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14 September, 2018, Boston MA:

Back in March 2016, following Fuji’s announcement to end production of Packfilm, we set out on an ambitious mission to try and make Packfilm ourselves. Today we can disclose various details, which we had to keep under wraps until now.

This project had already been on the back burner for us for quite some time, as we had been discussing the possibility of making Packfilm as early as 2014. Fuji's discontinuation announcement made us put the pedal to the metal. We immediately scrambled to get things going. We had begun a globe-trotting effort to secure things for the future, and met (sometimes secretly) with top executives from companies all around the world, (Japan, Germany, France, China and the US). We visited factories, warehouses and dungeons, walked knee deep in dust and detritus to try and uncover some long lost or forgotten piece of technology we hoped would aid us in this quest. We met with suppliers, designers, chemists and engineers and secured what would potentially be the base upon which a new production line would be built.

Throughout this process, we had spent a huge amount of resources (out of our own capital) as part of this mission. It was our investment in the mission to find out if this would even be possible.

Alas, despite having spent the better part of two years working on this, and what we feel was our very best effort to take on this crazy challenge, we have decided to move away from this project and focus our efforts on other projects, where we feel our resources are better utilized.

We would like to take this opportunity to thank everyone who has supported us along the way. We got thousands of emails and phone calls, and while were not able to respond to all of them, know that we took each and every one of them to heart - it has meant the world to us to know there is a strong and active analog community out there.

The main reason Fuji ended the production of Packfilm is that customers were not buying enough of it. The economics of scale meant that it was no longer profitable for them, at any price point. Those who have been lamenting the demise of Packfilm (FP100c) and those just jumping onboard now, should know that Packfilm was and still is readily available around the world (and probably will still be available for the next few years).

Everyone should go out and buy some now, buy lots of it and go shoot. Its the only way to keep the industry going. By doing so, you might even be supporting a new effort to make Packfilm that is taking shape right now. we would encourage anyone who is interested in Packfilm to consider supporting this upcoming effort and Kickstarter campaign.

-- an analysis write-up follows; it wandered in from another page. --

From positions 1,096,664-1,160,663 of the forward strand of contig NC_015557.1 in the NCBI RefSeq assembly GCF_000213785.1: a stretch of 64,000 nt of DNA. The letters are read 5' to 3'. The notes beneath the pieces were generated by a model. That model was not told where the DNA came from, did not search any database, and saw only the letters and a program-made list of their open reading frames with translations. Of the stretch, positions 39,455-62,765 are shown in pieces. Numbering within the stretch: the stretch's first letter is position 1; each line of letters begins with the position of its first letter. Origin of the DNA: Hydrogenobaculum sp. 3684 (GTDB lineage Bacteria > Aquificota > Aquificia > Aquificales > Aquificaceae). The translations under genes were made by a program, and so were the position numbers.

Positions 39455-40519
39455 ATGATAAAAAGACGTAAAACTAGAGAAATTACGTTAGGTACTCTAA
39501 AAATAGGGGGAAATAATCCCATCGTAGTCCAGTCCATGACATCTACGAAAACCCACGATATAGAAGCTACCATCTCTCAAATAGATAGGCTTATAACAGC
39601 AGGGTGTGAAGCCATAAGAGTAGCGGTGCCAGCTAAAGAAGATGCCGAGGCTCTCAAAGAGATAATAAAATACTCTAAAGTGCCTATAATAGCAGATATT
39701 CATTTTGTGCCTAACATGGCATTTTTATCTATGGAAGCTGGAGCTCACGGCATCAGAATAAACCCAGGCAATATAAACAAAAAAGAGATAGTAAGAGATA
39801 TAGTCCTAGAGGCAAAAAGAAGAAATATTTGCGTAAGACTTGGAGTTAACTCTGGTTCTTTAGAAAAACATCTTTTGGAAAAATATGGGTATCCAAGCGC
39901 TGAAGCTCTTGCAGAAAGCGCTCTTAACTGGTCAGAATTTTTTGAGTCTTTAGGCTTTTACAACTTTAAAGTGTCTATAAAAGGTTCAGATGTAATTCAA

29 March, 2018, Boston, MA:

Probably the best kept secret in the instant film industry is hidden behind these doors:

Best kept secret.

Stay tuned.

24 June, 2016, Boston, MA: 

We are very happy to introduce our newest CatLABS team members: Matt M. a talented engineer who has a long and illustrious background in analog photography will be joining Maeghan F. our very own marketing and management integration specialist.

We have been inundated with messages and emails and are so grateful for the amazing support we have received in the analog photography community. Due to the sheer volume of messages we are unable to answer all of them, but we do read each and every one and take the words of encouragement to heart.

As the project evolves we have identified financing as the primary factor in moving ahead. As we are crunching the numbers, we can't help but go back to something we have been talking about ever since we started getting involved with packfilm - the price.

Like with every other aspect of business and marketing, there is ample research for measuring the effects of price changes on levels of consumption. In a very over simplified way of looking at things,  these studies demonstrate that in mass markets, as prices go up, sales slow down. Companies use elaborate analysis charts and graphs to find out what the end result to their bottom might be.

In the case of packfilm, at first look, there is an anomaly. Fuji packfilm prices have remained stagnant (up until recent the discontinuation announcement) for more then a decade, and even in the preceding decade, there was only a very minor change in price making the price essentially the same for the past 15-20 years. This is in spite of soaring petroleum and other raw material prices, changes in cost of living as well as new regulations and laws which have drastically affected prices of other photo products, even in Fuji's own product range.